Last year’s Global Blockchain Market research report forecasts that the worldwide blockchain market will amount to USD 60.7 billion in 2024 (in 2017, the market amounted to 708 million). These figures (that should be taken with a pinch of salt, by the way) testify that businesses are increasingly adopting Blockchain into their workflows and probably Fintech and Blockchain will walk together as a result.
Probably, the FinTech sector was one of the pioneers to start employing this technology. According to MarketWatch, Blockchain in the FinTech market will reach USD 6.7 billion by 2023.
McLagan and Accenture found that Blockchain can help banks in reducing their running costs (-70% in terms of central finance reporting; -30/50% on compliance; -50% on business operations; -50% on centralised operations) significantly.
PWC revealed that more than 75% of financial services firms are taking steps to integrate blockchain solutions by the end of this year, and 56% of them recognise the importance of using blockchain technology.
5 Blockchain use cases in FinTech
When it comes to the integration of Blockchain technology, FinTech companies’ main goals are:
- Minimise counterparty risks;
- Reduce the number of errors;
- Improve transparency;
- Increase security;
- Enhance capital optimisation;
- Ensure compliance with regulations.
It could be interesting to focus on how they benefit from the power of Blockchain.
Carrying out financial transactions
Cryptocurrencies are actively used by FinTech companies (mainly start-ups) for completing financial transactions (in those countries in which the use of these means is allowed). People can make money transfers from any place in the world, at a (much) lower cost than traditional cross-border transactions.
Their low cost is critical for developing countries, and relevant everywhere in the world.
Using self-executing smart contracts
Smart contracts are self-executing programs that have an agreement between several parties written into the code.
Providing network decentralisation and removing intermediaries (e.g., notaries), they automatically monitor their own completion.
A smart contract executes what is supposed to happen, in a timely and objectively fashion.
FinTech can take advantage of employing this technology, let’s think of card payments, currency exchange transactions, money transfers, to name a few.
Providing security of data, records, payments, and assets
Blockchain can be used to store and transmit documents, digital rights, records, certificates, royalty fees, and other things.
It is well-known that, once something is stored on the blockchain, it can’t be changed or deleted. Forgery becomes impossible, and this helps FinTech companies in keeping their data secure.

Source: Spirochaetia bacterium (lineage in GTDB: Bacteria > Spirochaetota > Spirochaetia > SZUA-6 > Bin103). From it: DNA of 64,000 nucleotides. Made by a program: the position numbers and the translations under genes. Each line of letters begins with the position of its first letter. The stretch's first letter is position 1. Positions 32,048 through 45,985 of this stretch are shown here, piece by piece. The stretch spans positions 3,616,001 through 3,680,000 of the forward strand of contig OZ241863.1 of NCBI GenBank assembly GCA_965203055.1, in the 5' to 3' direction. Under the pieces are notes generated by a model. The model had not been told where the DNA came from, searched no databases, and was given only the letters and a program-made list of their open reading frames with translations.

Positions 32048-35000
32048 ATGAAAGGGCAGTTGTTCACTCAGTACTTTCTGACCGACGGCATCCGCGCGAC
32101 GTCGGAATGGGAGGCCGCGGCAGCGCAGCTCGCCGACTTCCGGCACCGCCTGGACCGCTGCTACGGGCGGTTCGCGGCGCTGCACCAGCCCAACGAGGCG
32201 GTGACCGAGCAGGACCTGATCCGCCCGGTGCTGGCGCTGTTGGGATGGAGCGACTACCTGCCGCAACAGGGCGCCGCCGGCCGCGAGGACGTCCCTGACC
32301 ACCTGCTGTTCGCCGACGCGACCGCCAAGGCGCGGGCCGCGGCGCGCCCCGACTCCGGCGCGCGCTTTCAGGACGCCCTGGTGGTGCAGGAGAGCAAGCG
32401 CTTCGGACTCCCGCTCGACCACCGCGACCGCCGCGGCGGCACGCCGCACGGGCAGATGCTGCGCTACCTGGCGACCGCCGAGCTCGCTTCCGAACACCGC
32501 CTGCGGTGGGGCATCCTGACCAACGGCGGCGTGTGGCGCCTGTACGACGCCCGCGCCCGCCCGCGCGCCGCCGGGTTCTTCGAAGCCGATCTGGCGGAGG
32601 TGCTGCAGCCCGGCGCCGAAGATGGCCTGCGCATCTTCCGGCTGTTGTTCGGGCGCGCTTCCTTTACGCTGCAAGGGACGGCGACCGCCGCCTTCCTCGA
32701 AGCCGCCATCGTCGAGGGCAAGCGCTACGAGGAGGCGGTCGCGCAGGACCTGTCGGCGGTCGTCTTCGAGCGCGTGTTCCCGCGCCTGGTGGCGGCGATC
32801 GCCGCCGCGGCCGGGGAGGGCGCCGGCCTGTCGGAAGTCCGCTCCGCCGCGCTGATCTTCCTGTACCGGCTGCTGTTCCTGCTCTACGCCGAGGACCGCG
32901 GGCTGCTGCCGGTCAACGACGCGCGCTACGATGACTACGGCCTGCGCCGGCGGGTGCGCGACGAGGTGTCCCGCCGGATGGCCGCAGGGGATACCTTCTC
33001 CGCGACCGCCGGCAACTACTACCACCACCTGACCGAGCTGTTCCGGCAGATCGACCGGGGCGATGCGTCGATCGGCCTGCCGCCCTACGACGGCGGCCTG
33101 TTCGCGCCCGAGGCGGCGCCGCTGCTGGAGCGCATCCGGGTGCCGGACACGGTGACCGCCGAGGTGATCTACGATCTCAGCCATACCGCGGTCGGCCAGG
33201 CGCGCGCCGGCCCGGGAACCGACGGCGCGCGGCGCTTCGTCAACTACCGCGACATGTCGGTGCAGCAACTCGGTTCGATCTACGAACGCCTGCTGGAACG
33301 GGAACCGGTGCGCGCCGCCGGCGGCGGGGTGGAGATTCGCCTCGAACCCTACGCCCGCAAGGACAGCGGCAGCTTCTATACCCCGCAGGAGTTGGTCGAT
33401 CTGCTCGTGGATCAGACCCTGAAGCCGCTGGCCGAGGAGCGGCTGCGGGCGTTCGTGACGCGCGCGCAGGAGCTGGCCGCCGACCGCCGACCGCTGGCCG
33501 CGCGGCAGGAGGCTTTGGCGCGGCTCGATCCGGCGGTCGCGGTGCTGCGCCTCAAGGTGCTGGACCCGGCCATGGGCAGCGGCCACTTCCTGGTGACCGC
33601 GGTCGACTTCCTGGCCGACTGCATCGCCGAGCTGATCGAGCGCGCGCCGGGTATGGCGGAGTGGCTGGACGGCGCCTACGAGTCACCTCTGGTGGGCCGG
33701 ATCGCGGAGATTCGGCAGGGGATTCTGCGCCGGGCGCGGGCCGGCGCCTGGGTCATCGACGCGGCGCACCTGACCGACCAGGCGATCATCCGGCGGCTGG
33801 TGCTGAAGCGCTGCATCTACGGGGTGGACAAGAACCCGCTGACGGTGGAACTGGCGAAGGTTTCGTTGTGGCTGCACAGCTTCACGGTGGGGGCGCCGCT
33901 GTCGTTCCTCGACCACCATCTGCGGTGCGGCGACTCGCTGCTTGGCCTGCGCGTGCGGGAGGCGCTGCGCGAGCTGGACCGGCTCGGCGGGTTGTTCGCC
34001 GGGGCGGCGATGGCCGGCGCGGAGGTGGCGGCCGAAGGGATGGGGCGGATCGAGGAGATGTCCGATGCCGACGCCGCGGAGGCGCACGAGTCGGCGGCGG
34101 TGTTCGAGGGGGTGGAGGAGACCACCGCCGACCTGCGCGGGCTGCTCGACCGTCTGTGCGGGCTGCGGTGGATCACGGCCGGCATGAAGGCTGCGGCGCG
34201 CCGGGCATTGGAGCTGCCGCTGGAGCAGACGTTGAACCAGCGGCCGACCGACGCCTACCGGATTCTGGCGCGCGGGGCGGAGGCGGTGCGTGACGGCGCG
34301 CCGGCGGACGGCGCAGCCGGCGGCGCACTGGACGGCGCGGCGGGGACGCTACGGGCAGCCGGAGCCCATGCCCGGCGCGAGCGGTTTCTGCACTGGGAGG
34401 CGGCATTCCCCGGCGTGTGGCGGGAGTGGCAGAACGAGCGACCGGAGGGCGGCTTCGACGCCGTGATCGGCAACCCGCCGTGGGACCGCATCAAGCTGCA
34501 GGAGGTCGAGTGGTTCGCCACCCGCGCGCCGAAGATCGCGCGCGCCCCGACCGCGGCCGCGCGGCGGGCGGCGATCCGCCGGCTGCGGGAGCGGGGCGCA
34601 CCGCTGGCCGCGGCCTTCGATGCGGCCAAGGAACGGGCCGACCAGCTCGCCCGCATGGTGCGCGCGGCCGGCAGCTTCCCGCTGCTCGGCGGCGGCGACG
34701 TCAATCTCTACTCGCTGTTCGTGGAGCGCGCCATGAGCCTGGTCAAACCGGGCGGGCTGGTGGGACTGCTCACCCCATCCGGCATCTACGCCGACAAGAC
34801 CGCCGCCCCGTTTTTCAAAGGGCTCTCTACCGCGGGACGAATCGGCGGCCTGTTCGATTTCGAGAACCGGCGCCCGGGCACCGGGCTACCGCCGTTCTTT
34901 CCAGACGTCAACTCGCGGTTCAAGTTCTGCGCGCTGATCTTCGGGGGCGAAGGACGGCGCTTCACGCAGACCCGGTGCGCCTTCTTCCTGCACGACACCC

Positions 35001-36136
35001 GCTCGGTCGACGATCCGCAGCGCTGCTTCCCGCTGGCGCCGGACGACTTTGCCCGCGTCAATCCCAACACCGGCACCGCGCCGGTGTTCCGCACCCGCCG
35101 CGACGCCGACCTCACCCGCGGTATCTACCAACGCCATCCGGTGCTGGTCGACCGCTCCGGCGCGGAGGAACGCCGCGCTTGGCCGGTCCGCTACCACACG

Enabling digital identity verification
In 2018, the number of fraudulent accounts increased by 50% since the previous year, a DataVisor Fraud Index Report found.
A blockchain-based digital identity verification system is a tool with incredible power to manage personal identity information, login into systems, make investments, digital signatures.
Ensuring regulatory compliance
Blockchain can help FinTech companies in preventing cybercrimes and fraudulent activities. The client onboarding process, for example, is burdensome, both in terms of the resources and time.
A survey carried out in 2013 in the United States found that more than one-third of financial advisors relied upon filling out paperwork by hand to be their primary method of opening [new] account. Despite the efforts made by financial firms, the KYC process has proven far from effective in avoiding unlawful behaviours and practices.
Blockchain offers a more straightforward onboarding process. With a database of (verified) customer data in place, secured and shareable among different institutions, the time it takes to collect and authenticate data would be reduced drastically.
Further, amendments to a customer’s status could be updated to the entire network of institutions with near immediacy. On this topic, you could find interesting our article Blockchain KYC: an overview with case studies.
Further, when it comes to accounting compliance, what if invoices and receipts (and all the transactions associated with them) are stored on the ledger, and can’t be modified or removed?
This would enable auditors and tax inspectors to check the authenticity of the records, trace the history of each accounting document, ensure there is no counterfeit.
A little test: can you benefit from Blockchain?
To help you understand if your FinTech company will benefit from using Blockchain or not, you can find a checklist of ten assertions below. Each of them increases your score by one point.
Business logic & performance:
- The business model is simple;
- Privacy of transactions is not a must;
- The business doesn’t need to access external data;
- A limited amount of data needs to be stored for each transaction;
- The business model is scalable.
- In case of a dispute, no arbitrator shall be involved;
- All participants can be included in the validation process;
- Records must be strictly immutable.
- A significant number (100+) of participants will be transacting on the network;
- You don’t trust the participants in the network or don’t need/want to know them.
While the list has no scientific claims:
- If you score 10, you could fully benefit from the blockchain;
- If you score 8-9, you could need some trade-offs and customisation;
- If you score 7 or lower, you could build a shared ledger (and the blockchain could make no sense).
The relationship between Fintech and Blockchain seems to be unavoidable with mutual benefits for both businesses and users.
Do you agree? Tell us in a comment below.